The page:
ok, will that not 'break' the connection to all the internal PCs with Outlook which are also using the internal name?
They can't use the .com name because DNS points to the correct public IP.
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Nick BrownDirectorAuthor Commented:
Sorry, I meant to that there is a spearate self generated certificate coverin the .local name
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BusbarCommented:
this is the FQDN on the receive connector presented to users when sending the hello message, it has nothing related to which name users are connecting
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Nick BrownDirectorAuthor Commented:
I must apologise for my lack of understanding here. But please bear with me. There is another connector that says the response to HELO is the .com name.
This is in the HUB transport under 'Organisation Configuration'

The .local name is in the 'Server Configuration' section, also under HUB transport.

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Nick BrownDirectorAuthor Commented:
Ok, I changed the name on the 'Receive Connector' in the 'Server Configuration' section to match all the others above, i.e. the one ending with .com, which also matches the domain named in the commercial certificate from GlobalSign.

There are other places in 'Server Configuration' where the name used is the .local name. Specifically in Server Properties, on the General TAB the name of the Domain controller servers and catalog servers. This information was automatically inserted at install time.

Everything is still working correctly, just as it was, but of course the errors are still just the same too, i.e. the system says the certificate has expired.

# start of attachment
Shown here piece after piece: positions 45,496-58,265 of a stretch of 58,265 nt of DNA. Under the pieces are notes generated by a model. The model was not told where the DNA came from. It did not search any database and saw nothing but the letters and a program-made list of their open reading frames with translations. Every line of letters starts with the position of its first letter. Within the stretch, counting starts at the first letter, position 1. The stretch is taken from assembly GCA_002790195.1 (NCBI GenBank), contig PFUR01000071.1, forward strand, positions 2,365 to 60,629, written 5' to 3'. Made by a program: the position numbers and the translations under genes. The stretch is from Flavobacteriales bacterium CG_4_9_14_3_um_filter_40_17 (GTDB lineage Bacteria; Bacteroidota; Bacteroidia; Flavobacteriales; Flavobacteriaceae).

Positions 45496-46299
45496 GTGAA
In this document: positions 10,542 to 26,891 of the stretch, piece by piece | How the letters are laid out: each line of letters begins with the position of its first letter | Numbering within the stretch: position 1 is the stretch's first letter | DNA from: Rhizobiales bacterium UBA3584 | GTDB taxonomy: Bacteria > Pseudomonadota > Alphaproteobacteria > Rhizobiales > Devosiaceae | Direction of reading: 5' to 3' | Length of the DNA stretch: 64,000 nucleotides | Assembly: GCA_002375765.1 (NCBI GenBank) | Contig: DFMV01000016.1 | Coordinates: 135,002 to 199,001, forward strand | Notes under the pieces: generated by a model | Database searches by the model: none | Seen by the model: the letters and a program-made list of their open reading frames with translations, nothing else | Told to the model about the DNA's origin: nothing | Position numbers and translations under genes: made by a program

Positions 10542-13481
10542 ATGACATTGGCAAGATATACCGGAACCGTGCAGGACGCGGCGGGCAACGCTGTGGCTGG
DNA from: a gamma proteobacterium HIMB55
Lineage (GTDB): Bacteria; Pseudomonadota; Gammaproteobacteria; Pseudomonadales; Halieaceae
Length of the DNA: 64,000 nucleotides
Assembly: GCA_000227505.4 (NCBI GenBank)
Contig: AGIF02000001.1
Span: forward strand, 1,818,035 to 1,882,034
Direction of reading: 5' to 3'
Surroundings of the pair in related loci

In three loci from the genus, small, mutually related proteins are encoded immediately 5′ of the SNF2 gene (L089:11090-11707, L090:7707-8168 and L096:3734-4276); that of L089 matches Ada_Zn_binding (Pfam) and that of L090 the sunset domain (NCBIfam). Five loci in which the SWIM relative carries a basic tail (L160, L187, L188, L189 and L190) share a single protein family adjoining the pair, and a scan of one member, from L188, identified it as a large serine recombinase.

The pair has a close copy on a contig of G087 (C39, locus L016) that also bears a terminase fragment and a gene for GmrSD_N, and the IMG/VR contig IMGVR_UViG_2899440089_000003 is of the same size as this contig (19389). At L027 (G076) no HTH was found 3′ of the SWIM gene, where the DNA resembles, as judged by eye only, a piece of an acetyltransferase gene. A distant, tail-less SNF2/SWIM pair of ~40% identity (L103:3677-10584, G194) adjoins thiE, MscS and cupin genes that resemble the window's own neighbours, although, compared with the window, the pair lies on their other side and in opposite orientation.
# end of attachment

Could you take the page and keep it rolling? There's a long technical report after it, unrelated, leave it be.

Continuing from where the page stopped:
So, I took a closer look myself and I have the solution here. Probably there are many good Exchange Admins out there moderately amused by this, but never mind, here's what was wrong and what fixed it:-

First, the error, as shown above is specific about two things: it says expired, and it refers to the public FQDN (...com)
Fair enough, one of the 4 certificates was indeed expired, and referred to the public FQDN - the last one in the list issued by StartCom.

This, and the further clue that the short listing of get-ExchangeCertificate showed that the currently valid certificate from GlobalSign was only intended for IIS, shown as 'W' in the listing.

So the following three commands were all that were required. Two to remove the expired certificates, and one to generate a new, self signed certificate for the public FQDN. The GlobalSign was, and still is, working for Outlook Web Access and mobile devices.

Remove-ExchangeCertificate -Thumbprint FE69FECE056F3677999052EB67A7757D85447EED
Remove-ExchangeCertificate -Thumbprint BB0E89F501C7837AE5796B86444F785EB877A6A4
new-ExchangeCertificate -DomainName bte-server.bteplantsales.com

No more errors :)
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Nick BrownDirectorAuthor Commented:
I should have looked more carefully at my own question before posting. It wasn't really difficult. And the answer is straightforward, as I've shown it.
The experts probably assumed that I would have done this so were looking at lass obvious solutions.